Dr Ajmal Khan, Senior Scientist for Ruminant Nutrition at AgResearch, New Zealand, believes that the importance of both early life nutrition and the weaning transition for calves have been overlooked in the past, in terms of how vital they are for promoting the overall well-being and eventual lifetime performance of heifers. He feels that the effects of early life nutrition and the weaning process were not fully recognised until recently because restricted milk feeding and early weaning were considered more economical. Dr Khan explains that scientific work over the last decade has clearly shown that nutrition, weaning processes and management decisions in early life are not only important for calf welfare and survival, but could also potentially affect their long-term performance.
The smoothness of the weaning process is critical, according to Dr Khan. Abruptly cutting calves off from milk supplies stops the smooth development of the rumen and can have a detrimental effect on the health and performance of young calves. Additionally, as calves are born with non-functional rumens, they rely on milk to meet their nutrient demands for both maintenance and growth. Dr Khan stresses that abruptly shifting calves from milk to solid feed, or doing so too soon, puts calves at risk for poor growth and performance, post weaning.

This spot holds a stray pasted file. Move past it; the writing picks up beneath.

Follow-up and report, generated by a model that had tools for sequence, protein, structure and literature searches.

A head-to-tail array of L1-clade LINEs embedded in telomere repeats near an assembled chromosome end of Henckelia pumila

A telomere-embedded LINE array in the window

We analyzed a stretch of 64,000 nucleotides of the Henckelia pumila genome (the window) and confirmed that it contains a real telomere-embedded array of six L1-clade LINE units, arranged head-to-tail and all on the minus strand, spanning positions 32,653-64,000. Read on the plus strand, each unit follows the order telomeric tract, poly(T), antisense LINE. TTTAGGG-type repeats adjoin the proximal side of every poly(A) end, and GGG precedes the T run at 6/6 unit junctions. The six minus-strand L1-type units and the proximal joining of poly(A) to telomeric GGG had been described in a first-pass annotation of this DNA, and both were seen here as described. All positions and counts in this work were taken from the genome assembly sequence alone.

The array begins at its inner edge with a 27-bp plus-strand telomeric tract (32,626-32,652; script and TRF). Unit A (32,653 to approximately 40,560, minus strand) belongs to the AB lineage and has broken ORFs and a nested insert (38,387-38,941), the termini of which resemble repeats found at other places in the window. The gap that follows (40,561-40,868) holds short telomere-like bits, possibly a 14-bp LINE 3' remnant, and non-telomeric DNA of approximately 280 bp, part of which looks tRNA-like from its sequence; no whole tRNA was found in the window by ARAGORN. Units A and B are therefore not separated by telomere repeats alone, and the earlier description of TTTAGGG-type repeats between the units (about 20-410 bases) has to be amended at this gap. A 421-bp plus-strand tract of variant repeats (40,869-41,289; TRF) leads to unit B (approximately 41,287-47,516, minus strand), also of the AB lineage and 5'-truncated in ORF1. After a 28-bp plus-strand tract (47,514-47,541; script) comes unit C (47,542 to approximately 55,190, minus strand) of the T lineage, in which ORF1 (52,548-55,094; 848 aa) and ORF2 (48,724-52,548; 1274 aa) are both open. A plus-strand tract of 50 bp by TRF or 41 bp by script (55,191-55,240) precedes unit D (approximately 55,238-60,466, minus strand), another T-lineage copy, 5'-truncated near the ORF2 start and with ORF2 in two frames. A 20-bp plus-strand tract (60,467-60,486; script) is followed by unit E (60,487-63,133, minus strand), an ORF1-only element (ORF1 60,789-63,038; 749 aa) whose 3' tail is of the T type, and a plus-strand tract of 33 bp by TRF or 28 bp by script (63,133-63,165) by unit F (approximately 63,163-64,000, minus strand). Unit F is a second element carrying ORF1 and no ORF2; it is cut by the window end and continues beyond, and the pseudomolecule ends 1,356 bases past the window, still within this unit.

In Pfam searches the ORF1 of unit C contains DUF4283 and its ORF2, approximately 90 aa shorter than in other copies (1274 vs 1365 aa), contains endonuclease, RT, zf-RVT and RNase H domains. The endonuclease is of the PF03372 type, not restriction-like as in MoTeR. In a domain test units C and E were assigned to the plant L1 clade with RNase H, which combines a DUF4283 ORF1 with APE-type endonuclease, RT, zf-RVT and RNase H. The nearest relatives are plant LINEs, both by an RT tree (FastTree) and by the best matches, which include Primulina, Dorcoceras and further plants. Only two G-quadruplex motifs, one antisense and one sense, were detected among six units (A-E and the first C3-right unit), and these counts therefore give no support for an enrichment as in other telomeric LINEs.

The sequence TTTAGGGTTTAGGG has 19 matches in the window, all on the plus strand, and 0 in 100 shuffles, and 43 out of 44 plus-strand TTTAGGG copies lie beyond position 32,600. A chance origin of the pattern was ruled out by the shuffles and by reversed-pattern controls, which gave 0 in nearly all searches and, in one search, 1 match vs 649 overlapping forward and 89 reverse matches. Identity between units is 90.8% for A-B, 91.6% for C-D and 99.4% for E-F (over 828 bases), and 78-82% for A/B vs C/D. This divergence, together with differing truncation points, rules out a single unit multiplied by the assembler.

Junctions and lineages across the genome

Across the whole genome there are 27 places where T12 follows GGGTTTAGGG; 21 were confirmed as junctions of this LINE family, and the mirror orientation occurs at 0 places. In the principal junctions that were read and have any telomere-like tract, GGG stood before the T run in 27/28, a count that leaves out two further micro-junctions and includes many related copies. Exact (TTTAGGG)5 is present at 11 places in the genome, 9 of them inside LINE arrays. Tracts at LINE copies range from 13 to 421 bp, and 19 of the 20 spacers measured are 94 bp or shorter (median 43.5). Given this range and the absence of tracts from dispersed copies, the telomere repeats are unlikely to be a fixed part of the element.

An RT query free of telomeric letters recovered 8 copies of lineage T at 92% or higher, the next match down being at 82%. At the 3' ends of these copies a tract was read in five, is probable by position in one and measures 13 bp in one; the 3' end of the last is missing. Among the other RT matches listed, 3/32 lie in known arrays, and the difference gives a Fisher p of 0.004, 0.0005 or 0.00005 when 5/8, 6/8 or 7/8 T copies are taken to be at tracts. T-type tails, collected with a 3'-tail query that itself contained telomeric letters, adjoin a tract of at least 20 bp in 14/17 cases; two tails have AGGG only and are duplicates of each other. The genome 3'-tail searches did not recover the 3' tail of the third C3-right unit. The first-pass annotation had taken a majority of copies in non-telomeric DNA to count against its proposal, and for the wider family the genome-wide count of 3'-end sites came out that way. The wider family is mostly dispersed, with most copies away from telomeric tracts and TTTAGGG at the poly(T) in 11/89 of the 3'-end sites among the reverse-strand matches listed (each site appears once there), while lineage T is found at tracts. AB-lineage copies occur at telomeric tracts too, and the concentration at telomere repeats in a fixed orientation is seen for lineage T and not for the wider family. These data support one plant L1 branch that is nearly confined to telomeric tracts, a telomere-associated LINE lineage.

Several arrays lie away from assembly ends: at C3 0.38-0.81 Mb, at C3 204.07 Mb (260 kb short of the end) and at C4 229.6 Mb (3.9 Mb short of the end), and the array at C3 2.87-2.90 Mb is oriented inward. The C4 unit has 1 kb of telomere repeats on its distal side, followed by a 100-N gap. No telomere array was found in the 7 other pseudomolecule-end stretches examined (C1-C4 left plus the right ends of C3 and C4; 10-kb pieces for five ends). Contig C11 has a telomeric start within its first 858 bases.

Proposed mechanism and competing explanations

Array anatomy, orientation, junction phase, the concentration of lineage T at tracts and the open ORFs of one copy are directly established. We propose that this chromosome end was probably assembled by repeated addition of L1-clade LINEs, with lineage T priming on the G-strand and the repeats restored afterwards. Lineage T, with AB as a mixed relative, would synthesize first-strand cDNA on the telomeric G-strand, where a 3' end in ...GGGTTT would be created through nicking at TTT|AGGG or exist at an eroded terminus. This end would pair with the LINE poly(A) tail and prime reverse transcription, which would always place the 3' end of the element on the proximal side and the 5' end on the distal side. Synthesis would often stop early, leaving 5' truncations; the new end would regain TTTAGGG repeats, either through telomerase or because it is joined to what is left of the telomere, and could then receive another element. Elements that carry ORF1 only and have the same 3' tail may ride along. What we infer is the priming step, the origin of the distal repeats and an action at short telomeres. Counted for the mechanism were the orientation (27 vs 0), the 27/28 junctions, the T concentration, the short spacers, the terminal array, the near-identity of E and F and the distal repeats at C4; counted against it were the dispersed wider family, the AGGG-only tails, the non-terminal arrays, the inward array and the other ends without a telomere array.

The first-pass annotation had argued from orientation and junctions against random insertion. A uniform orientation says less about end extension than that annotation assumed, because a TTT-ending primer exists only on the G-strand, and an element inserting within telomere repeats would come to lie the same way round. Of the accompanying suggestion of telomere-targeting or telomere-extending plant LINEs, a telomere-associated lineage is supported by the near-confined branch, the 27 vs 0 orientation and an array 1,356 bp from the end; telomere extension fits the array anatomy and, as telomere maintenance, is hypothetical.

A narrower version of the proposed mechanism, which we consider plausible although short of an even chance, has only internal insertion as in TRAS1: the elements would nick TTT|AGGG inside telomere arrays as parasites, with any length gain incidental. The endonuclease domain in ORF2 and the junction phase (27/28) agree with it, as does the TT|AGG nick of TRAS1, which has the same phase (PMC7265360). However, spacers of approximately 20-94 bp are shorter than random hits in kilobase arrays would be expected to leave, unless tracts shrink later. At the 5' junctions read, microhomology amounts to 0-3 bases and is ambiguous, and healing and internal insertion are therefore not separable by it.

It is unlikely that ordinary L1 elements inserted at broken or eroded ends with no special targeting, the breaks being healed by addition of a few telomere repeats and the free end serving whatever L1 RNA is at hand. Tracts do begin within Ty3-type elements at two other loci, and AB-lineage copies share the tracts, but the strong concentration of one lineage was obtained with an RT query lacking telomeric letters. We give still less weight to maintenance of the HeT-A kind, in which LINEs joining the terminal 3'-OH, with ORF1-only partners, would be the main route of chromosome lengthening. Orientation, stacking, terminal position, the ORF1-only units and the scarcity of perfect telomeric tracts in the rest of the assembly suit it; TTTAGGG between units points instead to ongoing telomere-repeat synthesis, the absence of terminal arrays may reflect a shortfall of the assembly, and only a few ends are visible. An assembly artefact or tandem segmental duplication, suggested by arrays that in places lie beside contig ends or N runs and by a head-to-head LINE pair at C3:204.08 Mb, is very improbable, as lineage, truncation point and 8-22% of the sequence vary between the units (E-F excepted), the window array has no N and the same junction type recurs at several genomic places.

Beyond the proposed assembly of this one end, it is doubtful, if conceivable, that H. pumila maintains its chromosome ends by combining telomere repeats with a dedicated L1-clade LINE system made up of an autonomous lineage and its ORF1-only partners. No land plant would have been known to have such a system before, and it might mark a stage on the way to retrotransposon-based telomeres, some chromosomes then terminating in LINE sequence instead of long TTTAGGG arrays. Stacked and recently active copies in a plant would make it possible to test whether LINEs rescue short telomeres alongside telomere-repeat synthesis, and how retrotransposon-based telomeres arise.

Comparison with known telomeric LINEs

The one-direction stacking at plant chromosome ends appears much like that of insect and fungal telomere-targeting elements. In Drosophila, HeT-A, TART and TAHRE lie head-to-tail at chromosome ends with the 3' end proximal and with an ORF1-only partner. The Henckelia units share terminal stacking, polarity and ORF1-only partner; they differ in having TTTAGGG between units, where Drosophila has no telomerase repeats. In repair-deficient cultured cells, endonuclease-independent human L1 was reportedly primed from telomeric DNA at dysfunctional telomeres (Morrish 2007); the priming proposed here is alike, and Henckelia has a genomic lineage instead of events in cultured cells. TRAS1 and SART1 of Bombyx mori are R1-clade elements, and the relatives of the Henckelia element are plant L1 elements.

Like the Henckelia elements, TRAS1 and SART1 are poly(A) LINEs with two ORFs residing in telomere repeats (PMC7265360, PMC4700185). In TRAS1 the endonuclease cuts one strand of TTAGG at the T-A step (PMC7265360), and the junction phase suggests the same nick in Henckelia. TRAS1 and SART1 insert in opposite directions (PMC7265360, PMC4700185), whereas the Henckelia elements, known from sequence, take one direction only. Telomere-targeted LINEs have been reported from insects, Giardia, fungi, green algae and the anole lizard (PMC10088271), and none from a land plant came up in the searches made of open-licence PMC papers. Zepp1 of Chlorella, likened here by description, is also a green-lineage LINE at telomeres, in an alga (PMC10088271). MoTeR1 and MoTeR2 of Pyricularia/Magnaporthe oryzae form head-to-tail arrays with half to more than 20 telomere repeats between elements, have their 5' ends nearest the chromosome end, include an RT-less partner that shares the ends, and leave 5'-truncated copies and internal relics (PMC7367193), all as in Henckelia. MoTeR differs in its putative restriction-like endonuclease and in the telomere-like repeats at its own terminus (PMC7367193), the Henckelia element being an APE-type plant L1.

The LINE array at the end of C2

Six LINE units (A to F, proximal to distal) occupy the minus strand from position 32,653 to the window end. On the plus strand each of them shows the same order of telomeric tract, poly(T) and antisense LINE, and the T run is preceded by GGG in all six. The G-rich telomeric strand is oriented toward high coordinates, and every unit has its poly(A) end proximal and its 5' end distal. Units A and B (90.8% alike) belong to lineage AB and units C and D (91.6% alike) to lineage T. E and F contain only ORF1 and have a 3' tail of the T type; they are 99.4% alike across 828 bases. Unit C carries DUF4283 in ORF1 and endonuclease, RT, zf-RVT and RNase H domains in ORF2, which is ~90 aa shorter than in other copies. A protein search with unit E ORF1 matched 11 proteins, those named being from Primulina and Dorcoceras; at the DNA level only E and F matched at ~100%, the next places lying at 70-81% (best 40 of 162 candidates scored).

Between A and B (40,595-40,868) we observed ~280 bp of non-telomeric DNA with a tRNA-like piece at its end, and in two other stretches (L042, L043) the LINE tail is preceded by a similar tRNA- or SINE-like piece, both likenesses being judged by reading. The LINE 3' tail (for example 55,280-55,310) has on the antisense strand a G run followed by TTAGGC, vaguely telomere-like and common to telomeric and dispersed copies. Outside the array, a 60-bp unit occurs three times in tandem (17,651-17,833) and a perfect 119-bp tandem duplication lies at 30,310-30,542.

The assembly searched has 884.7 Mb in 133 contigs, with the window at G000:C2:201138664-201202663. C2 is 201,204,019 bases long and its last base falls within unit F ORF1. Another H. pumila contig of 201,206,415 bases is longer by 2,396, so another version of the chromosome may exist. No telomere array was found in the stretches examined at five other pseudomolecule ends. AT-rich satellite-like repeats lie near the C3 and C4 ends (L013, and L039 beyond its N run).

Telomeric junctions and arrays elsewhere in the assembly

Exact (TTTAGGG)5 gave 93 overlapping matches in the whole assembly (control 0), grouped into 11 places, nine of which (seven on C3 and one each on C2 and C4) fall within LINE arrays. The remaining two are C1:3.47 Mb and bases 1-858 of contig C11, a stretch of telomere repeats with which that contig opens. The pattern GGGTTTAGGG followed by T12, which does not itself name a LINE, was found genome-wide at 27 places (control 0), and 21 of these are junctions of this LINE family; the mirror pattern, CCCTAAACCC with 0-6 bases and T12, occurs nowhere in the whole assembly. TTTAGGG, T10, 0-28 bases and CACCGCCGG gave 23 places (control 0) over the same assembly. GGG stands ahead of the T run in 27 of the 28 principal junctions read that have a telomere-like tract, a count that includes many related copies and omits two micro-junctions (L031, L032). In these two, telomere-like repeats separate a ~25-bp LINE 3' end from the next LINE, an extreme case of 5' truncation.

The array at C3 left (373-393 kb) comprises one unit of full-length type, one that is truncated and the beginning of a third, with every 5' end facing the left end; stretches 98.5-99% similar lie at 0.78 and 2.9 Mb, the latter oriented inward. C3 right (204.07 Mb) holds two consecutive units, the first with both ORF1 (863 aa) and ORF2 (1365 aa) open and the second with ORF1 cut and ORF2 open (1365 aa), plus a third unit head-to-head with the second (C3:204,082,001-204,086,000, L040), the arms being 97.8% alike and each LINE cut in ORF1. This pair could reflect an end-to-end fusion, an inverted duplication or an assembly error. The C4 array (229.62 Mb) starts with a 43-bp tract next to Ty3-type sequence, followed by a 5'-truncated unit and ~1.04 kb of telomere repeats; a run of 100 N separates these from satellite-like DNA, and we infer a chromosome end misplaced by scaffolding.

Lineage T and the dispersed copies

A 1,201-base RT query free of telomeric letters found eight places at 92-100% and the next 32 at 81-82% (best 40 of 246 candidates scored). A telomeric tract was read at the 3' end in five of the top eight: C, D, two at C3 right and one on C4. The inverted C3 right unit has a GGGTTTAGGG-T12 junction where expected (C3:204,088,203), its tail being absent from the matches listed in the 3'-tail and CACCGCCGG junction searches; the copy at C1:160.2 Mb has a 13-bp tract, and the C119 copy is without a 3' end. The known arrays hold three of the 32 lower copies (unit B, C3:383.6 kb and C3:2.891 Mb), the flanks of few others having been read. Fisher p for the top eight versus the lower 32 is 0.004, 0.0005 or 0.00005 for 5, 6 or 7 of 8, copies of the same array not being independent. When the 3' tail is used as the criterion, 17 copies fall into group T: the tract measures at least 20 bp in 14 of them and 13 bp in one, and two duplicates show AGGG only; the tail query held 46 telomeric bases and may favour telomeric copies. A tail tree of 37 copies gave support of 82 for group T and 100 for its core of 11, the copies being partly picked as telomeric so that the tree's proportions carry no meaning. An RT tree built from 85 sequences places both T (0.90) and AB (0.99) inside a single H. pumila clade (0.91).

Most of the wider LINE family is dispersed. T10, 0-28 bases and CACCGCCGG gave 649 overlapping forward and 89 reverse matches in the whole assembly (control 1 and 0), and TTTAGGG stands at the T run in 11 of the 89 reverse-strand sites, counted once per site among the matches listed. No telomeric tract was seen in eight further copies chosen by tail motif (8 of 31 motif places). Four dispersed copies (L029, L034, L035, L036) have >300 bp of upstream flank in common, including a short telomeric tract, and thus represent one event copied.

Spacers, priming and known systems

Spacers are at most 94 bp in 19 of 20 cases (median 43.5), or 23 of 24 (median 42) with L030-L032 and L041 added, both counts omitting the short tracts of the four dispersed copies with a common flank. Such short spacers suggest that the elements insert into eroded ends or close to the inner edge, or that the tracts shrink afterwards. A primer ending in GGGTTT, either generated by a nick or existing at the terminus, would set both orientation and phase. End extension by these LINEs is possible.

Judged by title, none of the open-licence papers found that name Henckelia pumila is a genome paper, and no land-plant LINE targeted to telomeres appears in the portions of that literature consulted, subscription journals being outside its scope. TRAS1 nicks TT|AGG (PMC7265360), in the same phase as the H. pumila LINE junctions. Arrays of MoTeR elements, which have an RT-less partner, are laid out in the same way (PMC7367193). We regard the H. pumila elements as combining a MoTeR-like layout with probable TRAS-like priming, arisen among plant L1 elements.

Dr Khan points out that the long-term performance of heifers in commercial herds is potentially linked to neonatal feeding and rearing systems. Furthermore, rearing animals with greater long-term performance and resiliency is vitally needed if the future of food production is to be sustainable. Indeed, research is already well underway in many institutions to assess the effects of early life nutrition and management practices on the long-term performance and health of heifers.